Ever wonder how a Jellyfish “stings”? Turns out, it’s actually like a Needle. Check out this awesome graphic that Emily Weddle created from the latest episode of Smarter Every Day.
As you can see in the graphic, a Jellyfish actually stings you with needles. The process in the photo spans the time of approximately 20 milliseconds. If you watch the video I incorporate timing data so you can perform measurements.
What’s so cool about this is scientists don’t really understand HOW they nematocyst fire. They’re pretty confident that they’re triggered by mechancial contact on the outside, of the tentacle… but they’re NOT sure how the stinger “inflates”. Dr. Seymour thinks it’s too fast to be osmotic. There’s obviously a channel somehow that opens and creates flow and pressure into the organelle. I bet it’s some kind of REALLY quick chemical process.
I think we’re going to call graphics like this “Smarter Every Day InfoGifs”. Emily came up with that name, I can’t take credit for it! Here’s her webpage.
Tamandua is a genus of anteaters with two species: the southern tamandua and the northern tamandua. The northern tamandua ranges from southeastern Mexico south throughout Central America, and in South America west of the Andes from northern Venezuela to northern Peru. Southern tamanduas are found from Venezuela and Trinidad to northern Argentina, southern Brazil and Uruguay. They live in forests and grasslands, are semiarboreal, and possess partially prehensile tails. They mainly eat ants and termites, but they occasionally eat bees, beetles, and insect larvae. They have no teeth and depend on their powerful gizzards to break down their food. The tamanduas are nocturnal, active at night and secreting away in hollow tree trunks and burrows abandoned by other animals during daylight hours. They spend up to half of their time in the treetops, as much as 64%, where they forage for arboreal ants and termites. Tamanduas move rather awkwardly on the ground. They walk on the sides on their clenched forefeet to avoid injuring their palms with their sharp claws. The tamandua’s small eyes afford limited vision. Instead of relying on their sense of sight, they primarily utilize their senses of smell and hearing to locate their insect prey.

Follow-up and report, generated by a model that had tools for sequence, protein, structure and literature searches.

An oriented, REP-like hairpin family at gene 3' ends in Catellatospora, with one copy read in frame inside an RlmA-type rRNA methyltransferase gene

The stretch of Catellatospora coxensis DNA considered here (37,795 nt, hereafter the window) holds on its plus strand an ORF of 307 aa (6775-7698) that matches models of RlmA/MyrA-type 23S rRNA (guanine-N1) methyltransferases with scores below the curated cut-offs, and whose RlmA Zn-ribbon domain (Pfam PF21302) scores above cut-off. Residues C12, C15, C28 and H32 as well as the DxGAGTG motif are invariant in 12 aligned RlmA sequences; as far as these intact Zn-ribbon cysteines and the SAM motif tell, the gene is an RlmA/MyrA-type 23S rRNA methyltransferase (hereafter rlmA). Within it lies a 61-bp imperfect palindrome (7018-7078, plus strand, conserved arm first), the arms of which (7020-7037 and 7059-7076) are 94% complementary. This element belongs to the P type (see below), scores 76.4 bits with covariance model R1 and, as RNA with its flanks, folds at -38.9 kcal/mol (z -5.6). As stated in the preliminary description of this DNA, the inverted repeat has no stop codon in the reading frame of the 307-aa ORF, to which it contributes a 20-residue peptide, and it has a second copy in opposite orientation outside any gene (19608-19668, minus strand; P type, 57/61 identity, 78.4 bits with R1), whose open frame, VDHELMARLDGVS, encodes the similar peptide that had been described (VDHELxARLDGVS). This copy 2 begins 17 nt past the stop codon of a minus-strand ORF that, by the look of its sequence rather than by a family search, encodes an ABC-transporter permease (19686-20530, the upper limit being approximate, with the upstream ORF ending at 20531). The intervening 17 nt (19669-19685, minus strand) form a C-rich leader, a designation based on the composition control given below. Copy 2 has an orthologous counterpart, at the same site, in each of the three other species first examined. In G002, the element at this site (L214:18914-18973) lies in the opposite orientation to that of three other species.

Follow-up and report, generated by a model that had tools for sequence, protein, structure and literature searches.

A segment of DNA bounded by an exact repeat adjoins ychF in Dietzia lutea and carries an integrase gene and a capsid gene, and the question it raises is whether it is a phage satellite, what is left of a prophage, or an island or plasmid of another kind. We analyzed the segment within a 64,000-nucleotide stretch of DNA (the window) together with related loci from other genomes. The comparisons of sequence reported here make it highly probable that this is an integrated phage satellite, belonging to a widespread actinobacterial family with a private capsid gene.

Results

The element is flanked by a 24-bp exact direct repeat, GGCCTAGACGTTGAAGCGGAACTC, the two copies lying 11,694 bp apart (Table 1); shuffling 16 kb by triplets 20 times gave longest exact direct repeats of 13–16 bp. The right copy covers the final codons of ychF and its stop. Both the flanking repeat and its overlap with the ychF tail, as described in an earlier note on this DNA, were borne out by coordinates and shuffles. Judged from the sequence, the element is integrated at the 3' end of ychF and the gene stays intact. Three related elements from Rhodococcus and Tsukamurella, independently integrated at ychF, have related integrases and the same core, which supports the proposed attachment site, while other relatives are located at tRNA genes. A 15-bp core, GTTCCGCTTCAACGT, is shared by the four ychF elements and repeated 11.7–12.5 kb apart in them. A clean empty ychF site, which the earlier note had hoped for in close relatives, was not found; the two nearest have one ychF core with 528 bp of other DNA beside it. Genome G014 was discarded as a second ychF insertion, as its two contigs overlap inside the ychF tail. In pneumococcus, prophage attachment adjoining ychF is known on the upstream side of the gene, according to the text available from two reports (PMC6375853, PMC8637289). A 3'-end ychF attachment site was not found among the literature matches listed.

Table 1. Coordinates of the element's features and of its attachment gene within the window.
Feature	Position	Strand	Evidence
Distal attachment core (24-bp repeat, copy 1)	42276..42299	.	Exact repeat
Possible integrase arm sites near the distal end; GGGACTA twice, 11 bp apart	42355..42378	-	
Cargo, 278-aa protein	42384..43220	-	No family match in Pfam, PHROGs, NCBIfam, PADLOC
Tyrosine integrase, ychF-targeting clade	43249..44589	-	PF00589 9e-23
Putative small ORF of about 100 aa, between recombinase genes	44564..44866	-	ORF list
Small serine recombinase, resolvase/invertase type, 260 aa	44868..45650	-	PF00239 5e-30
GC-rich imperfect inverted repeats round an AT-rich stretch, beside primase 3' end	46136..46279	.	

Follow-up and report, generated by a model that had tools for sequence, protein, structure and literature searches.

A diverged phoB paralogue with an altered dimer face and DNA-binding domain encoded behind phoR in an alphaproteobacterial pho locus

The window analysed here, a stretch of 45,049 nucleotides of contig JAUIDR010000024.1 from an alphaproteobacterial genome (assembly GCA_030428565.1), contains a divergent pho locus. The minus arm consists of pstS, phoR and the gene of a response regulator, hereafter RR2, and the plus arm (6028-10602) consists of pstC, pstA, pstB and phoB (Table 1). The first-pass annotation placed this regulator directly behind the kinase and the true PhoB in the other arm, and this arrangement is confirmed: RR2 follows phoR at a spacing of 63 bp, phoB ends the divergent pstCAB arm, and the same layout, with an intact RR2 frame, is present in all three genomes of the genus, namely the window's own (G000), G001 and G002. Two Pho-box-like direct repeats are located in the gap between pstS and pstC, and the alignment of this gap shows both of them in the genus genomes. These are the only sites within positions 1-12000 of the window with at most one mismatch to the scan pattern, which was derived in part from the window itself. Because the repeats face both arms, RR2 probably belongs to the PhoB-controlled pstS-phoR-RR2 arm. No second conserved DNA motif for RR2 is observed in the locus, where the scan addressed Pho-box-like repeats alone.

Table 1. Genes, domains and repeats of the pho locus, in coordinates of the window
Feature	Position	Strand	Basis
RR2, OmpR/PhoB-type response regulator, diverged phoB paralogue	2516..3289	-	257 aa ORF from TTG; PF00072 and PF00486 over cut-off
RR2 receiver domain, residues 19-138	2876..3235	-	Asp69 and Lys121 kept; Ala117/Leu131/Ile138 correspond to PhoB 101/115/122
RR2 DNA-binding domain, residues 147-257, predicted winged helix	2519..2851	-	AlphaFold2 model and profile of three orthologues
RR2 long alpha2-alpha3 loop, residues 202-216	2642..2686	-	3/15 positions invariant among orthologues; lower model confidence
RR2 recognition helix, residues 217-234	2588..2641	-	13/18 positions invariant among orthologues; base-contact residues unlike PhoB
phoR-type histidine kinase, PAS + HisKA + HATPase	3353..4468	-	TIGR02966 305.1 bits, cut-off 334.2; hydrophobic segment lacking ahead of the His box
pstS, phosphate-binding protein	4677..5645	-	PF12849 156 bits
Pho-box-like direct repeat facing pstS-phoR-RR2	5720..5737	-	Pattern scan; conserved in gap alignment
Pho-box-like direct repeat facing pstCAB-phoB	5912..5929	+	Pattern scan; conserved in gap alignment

photo credits: chbecker, ferrebeekeeper,
A fairly old drawing that I found and decided to quickly finish.
I cannot stress this enough, it’s the only requirement to be my friend.
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I EXPECTED SOMETHING DEEPLY EMOTIONAL
I LEARNED WHAT NOT TO DO
IF I WANNA BECOME THIS GUY’S FRIEND
twitter user foxylalonde telling it like it is
Sousuke's advice: Ep. 4 vs. Ep. 7